The Soviet pirate video market is one of the world's largest, with VCR ownership rising rapidly and copyright protection almost nonexistent.
Igor Maltsev, deputy editor of Dom Kino, a film industry magazine published by the Cinematographers Union, estimates that there could be as many as 1 million VCRs in Moscow alone--suggesting that on average, one out of every nine residents owns a unit. VCR ownership has spread widely in provincial Russia as well: Maltsev said that in a survey of the east Siberian region of Kamchatka, he counted about 25,000 units.
Currently, VCRs are occasionally available in Soviet commercial stores, with prices ranging from 6,000 to 10,000 rubles, or $3,300 to $5,500 at the commercial rate of exchange set by the government. Many Soviets obtain VCRs as bonuses through their companies or workplaces.
Maltsev said that whenever Soviet companies or government departments obtain hard currency to spend on their staff, VCRs are the priority purchase.
The high rate of Soviet VCR ownership, he said, "is a sign of a Third World country. We have such poor communications facilities, so the only way to learn about the outside world is to watch videos."
As for distribution, Maltsev estimates that there are 270 outlets for rental, sales or showing of bootleg videos in Moscow alone, each earning from 8,000 to 15,000 rubles a month. These outlets are legally registered small businesses.
However, their numbers declined from about 400 outlets last year after the municipal government slapped a 70% profit tax on them.
While a sales or rental outlet might only sell four or five videocassettes a day, video salons, where films are screened, have a much higher turnover. One video salon manager, who would only give his name as Yura, said that the salon where he worked had five screenings a day, every day, with the clientele mainly made up of 20-year-olds and under.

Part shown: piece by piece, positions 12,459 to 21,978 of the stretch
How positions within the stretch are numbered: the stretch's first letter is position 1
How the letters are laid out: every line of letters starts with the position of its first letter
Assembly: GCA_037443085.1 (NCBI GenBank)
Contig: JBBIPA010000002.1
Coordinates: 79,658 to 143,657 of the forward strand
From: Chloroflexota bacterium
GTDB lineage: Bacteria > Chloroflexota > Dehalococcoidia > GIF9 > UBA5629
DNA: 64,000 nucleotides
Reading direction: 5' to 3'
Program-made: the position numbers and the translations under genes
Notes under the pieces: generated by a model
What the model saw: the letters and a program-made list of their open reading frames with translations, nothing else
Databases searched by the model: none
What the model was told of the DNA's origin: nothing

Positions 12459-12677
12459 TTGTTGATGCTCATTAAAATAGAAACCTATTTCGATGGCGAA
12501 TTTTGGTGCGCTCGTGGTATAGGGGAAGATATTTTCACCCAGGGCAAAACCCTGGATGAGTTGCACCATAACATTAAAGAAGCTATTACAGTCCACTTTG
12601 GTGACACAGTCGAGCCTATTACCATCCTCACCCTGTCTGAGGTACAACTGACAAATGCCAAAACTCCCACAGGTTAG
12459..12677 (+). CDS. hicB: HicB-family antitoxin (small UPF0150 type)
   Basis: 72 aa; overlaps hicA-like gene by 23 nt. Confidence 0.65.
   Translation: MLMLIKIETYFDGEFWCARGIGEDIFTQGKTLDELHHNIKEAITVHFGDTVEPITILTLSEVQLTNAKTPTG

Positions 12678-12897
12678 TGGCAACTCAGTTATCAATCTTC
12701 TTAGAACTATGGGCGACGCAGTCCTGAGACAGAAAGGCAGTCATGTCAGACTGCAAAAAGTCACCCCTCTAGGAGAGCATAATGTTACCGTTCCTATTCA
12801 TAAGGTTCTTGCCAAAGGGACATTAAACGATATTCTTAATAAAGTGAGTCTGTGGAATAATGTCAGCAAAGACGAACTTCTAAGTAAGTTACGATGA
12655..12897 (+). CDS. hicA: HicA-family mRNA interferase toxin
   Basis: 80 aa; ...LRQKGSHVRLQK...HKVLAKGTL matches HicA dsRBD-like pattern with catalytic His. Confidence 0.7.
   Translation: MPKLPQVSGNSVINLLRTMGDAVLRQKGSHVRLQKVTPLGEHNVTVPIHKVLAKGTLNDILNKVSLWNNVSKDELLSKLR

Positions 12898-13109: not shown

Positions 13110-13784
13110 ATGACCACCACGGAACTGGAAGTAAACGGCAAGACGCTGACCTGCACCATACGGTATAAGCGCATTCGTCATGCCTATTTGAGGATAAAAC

At one ruble per ticket, the 80-seat salon earns 12,000 rubles a month. Of the 500 titles the salon maintains, the most popular are commercially oriented American films: "Tango & Cash," "Total Recall" and the "Police Academy" series.
Maltsev said that many of the outlets are supplied by an additional 1,500 free-lance video pirates who produce the bootleg tapes in their own homes with semi-professional equipment. The video copycats typically own four to 10 VCR units each, which are operated around the clock making recordings from master tapes.
The master tapes, in turn, are produced by another tier of operators: They purchase laser discs of popular films abroad and then record them onto master tapes with Russian-language dubbing. When the Soviet pirate video market was in its infancy, from about 1985-88, the dubbing business was dominated by two translators who have since become almost legendary in the annals of Soviet bootlegging.
They were known only by their pseudonyms: "Volodarski," the son of a language professor at Moscow State University, who translated action films such as "48 HRS." and "The Last Starfighter" and may have been responsible for dubbing one quarter of all bootleg U.S. videos before 1988, and "Gerasimov," a Jewish Soviet translator who specialized in comedies and animated films, such as "Being There," "Yellow Submarine" and "Top Cat."
The bootleggers realize, for the most part, that their business is illegal. One video sales outlet clerk, who declined to give his name, recalled reading about the issue of copyright protection in the newspaper last year.
"The Americans claimed that we should be paying for copyrights," he said. "They wanted to close all the video stores, but nothing came of it."